So, I ordered a quart of resin April 18, and it arrived April 27th.
Today, I got around to shooting it with an Edipower 10W 405 nm LED. The LED was driven with a current limited lab power supply at 1.04A and just over 10 Volts. I'd previously bought the LED off eBay, and can't seem to find the original datasheet for it. At the time, I was interested in using it to expose dry film photoresist for PCB artwork. It actually works quite well for that exposing a 6" square area in perhaps a couple minutes through a piece of white copy paper. If memory serves correctly, it puts out somewhere around 1W at 405nm into a 120 degree beam. The LED is 9 emitters, 3 parallel strings of 3 in series, spread out over less than 1 cm^2.
This LED isn't a toy like the little keychain lights for checking for counterfit bills. From 10 feet away, you can see glow from fluorescent labels, and a bit of glow from other things. It is moderately hazardous, and although borderline UV, the usual hazards of UVA and deep blue lasers apply, such as increased risk of cataracts. You can feel a perceptable wamth on the back of your hand. Think about what it can do to your eyes if used carelessly. We'll definitely want a gaurd like a piece of orange or red fluorescent plastic to view the work and a safety switch connected. That isn't as bad as it sounds, as you don't want to expose the unused resin anyway.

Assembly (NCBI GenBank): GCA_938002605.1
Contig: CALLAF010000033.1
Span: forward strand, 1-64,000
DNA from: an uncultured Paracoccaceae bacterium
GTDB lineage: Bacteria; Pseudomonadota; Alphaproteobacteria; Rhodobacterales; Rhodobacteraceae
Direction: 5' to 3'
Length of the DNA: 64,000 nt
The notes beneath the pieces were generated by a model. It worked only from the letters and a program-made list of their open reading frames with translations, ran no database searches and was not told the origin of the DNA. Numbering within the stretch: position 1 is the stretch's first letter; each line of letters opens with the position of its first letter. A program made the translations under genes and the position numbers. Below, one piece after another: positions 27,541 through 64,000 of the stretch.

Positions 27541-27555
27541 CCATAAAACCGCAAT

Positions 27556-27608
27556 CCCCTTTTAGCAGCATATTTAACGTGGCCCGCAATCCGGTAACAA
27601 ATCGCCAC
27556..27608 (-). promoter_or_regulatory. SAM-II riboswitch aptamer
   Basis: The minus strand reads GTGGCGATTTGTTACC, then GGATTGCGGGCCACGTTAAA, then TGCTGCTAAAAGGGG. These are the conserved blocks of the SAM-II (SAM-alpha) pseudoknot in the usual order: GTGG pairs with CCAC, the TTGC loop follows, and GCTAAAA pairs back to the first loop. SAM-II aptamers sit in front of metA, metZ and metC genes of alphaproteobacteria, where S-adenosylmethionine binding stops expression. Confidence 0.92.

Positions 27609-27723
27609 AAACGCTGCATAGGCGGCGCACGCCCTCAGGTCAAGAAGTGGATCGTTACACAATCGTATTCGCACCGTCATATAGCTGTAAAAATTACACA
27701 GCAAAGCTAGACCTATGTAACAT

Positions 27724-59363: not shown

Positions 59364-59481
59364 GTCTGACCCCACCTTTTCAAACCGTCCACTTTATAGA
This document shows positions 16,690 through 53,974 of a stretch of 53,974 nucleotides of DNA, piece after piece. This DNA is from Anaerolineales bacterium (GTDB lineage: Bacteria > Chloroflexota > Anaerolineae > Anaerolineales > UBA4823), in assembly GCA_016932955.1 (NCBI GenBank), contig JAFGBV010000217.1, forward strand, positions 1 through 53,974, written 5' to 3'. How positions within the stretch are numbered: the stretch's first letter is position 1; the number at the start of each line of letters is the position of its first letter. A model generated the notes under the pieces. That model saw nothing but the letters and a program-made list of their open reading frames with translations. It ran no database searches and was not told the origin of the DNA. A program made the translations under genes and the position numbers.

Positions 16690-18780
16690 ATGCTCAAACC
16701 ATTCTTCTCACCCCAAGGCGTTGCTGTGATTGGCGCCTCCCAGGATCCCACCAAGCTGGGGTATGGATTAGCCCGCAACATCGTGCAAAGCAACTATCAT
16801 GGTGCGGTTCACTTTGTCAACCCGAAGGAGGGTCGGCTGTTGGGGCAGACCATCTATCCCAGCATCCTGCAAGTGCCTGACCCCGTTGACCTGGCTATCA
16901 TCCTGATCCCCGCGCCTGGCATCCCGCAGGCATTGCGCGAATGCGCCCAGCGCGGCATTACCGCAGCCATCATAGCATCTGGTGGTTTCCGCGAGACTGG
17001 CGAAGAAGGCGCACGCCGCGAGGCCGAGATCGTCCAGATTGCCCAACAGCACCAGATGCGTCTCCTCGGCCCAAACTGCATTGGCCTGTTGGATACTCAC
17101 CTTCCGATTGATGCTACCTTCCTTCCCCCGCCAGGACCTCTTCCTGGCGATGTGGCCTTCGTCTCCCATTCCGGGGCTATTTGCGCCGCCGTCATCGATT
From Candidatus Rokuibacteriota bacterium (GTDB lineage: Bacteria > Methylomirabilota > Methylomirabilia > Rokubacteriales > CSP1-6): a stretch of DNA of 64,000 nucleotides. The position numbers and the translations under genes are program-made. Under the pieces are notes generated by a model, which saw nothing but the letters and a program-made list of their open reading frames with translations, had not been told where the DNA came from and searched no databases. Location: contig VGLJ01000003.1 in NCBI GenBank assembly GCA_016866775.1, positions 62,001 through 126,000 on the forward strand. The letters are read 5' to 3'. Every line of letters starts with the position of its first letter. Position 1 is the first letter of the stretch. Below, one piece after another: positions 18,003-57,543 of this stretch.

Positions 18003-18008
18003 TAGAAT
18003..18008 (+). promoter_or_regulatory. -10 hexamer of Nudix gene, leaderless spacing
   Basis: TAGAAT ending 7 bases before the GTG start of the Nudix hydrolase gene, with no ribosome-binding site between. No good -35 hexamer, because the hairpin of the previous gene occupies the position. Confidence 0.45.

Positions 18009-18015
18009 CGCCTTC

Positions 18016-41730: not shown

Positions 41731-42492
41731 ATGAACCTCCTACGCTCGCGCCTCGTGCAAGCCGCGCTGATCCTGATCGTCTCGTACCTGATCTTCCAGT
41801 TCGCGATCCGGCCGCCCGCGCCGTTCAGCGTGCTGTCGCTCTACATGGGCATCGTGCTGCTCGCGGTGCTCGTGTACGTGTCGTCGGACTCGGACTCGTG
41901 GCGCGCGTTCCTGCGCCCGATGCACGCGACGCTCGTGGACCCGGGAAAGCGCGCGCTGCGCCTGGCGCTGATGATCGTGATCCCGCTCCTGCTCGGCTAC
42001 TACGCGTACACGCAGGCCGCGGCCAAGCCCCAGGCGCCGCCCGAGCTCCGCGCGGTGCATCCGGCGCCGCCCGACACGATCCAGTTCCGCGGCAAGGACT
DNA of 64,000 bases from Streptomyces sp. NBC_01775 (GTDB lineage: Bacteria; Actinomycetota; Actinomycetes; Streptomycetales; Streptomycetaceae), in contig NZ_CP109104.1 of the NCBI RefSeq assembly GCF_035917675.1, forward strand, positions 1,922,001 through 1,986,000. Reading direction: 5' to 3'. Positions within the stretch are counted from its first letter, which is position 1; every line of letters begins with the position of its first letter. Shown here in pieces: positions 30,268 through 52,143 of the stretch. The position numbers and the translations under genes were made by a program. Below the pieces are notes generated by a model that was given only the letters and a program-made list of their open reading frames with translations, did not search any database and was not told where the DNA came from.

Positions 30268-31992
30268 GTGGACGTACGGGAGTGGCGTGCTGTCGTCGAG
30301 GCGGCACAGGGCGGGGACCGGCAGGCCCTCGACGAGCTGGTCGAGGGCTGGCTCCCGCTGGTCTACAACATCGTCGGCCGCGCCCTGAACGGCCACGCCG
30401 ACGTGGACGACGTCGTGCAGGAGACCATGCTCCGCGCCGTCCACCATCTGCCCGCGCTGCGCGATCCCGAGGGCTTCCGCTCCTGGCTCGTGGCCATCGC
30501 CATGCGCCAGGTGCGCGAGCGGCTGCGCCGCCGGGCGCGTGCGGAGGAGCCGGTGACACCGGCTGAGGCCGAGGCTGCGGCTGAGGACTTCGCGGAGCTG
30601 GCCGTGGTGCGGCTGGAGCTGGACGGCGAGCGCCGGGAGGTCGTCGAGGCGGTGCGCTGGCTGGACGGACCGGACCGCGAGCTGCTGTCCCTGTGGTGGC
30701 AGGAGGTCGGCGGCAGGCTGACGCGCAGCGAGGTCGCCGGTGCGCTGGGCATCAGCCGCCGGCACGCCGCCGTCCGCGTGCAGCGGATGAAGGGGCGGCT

A four minute exposure at 5cm distance produced a slighly tacky, but stable suface (tacky but incompletely exposed after about 2 minutes) on a white business card. The deposit was 0.035" (almost 1mm) thick.
This equates to an exposure of about 100 mJ/cm^2 for a 1mm thickness without the benefits or losss of any optics.
While there are shorter wavelength LEDs, and the polymers are likely more senstive, they are also less efficient electric to optical. This is an older LED and it might be possible to find a 385nm emitter with about the same optical efficiency. If the chemistry is at all similar to the dry film resist, they might be twice as sensitive.
The bottom line is an LED source is probaly viable with a DLP projector engine. If not this one, higher power ones are available.